There are three pieces that could be termed ballads. The first is "Utopia" a slow burning, building piece, that begins as a vocal and piano piece (and again Manilow comes to mind), but this blossoms out to include drums and percussion and the fuzziest toned bass that I've heard. The searing guitar leads here are Lukather. The second, "Beyond My Reach," a jazzy piece that has Levin crooning over tinkling piano, taut but easy percussion, and beds of keyboards. It's another one that features just Marotta and Levin. The third is "Fragile As A Song," a gentle piano, bass and vocal ode that Levin wrote, reflecting on his experiences when he joined Peter Gabriel in Atlanta when Gabriel was playing with Bonobo apes. And by playing, I mean musically, where the apes were playing the keyboards. It's actually a piece that wouldn't, stylistically, have seemed out of place on Waters Of Eden; it doesn't seem out of place here either.

Two pieces fall into, well, not into neither category, but are different again from everything else. "Shadowland" is a dark and mysterious and angular instrumental. Drums drive this piece, big, metallic sounding drums, while guitar seethes, seers, and cries, synths blurt and bleet across, bass throbs and stomps, the whole piece like some odd creature making it's way across an alien landscape. It's cinematic, rich and very dynamic? it's epic. Of my favorite pieces, it's my favorite.

The only piece that doesn't work for me is "Crisis Of Faith." Aside from the searing guitar phrases, this brief piece (2:10) will wear out it's welcome after a while. It reminds me of a section of Kevin Gilbert's "Shadow Self" where words run together and create a rhythm of their own. As a section of song, it works, as the core of the song? well? not so much.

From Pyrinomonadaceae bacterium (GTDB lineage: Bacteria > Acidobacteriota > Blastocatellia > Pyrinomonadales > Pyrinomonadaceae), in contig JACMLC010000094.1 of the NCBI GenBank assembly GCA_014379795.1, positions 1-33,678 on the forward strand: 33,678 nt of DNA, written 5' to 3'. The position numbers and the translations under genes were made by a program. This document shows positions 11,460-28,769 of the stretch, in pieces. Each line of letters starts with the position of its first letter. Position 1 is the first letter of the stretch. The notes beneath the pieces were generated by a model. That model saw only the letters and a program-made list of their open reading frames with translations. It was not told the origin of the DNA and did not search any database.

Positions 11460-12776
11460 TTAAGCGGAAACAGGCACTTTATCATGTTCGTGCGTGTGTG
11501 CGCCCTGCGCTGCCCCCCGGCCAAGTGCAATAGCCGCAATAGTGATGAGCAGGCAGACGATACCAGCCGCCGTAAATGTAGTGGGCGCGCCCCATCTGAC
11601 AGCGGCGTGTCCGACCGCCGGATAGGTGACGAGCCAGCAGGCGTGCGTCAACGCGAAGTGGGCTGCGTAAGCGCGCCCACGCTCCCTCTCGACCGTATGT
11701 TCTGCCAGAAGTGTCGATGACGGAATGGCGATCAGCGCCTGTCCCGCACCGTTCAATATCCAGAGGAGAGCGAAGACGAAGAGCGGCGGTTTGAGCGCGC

All in all, Resonator is really good release; it's likeable, accessible, and musically can be a lot of fun - well, those pieces that are meant to be fun. The somber pieces aren't downers, mind, just that they are more subdued. Performance-wise, it sparkles.


Tracklisting:
Break It Down (7:02) / Places To Go (5:46) / Throw The God A Bone (5:23) / Utopia (6:20) / Beyond My Reach (5:16) / Shadowland (4:57) / Crisis Of Faith (2:10) / What Would Jimi Do? (4:32) / Sabre Dance (5:05) / Fragile As A Song (4:31)

Musicians:
Tony Levin - bass, vocals, Chapman Stick, keyboards, cello, piano
Jerry Marotta - drums, percussion, background vocals
Jesse Gress - guitar, background vocals
Larry Fast - synths
Pete Levin - piano, organ

Adrian Belew - guitar (3)
Steve Lukather - guitar (4)
Andi Turco-Levin - background vocals (3)
Maggie Levin - background vocals (3)
Robbie Dupree - background vocals (3)
Lilly the dog - background vocals (3)

Discography:
World Diary
From The Caves Of The Iron Mountain
Bruford Levin Upper Extremities - Bruford Levin Upper Extremities (1998)
Liquid Tension Experiment - Liquid Tension Experiment (1998)
Bozzio Levin Stevens - Black Light Syndrome (1998)
Liquid Tension Experiment - Liquid Tension Experiment 2 (1999)
Bruford Levin Upper Extremities - B.L.U.E Nights (2000)
Waters Of Eden (2000)
Pieces Of The Sun (2002)
Double Espresso (2002)
Resonator (2006)

Complete discography at www.tonylevin.com

Genre: Rock

Origin US

Added: July 30th 2006
Reviewer: Stephanie Sollow
Score:
Artist website: www.tonylevin.com
Hits: 919
Language: english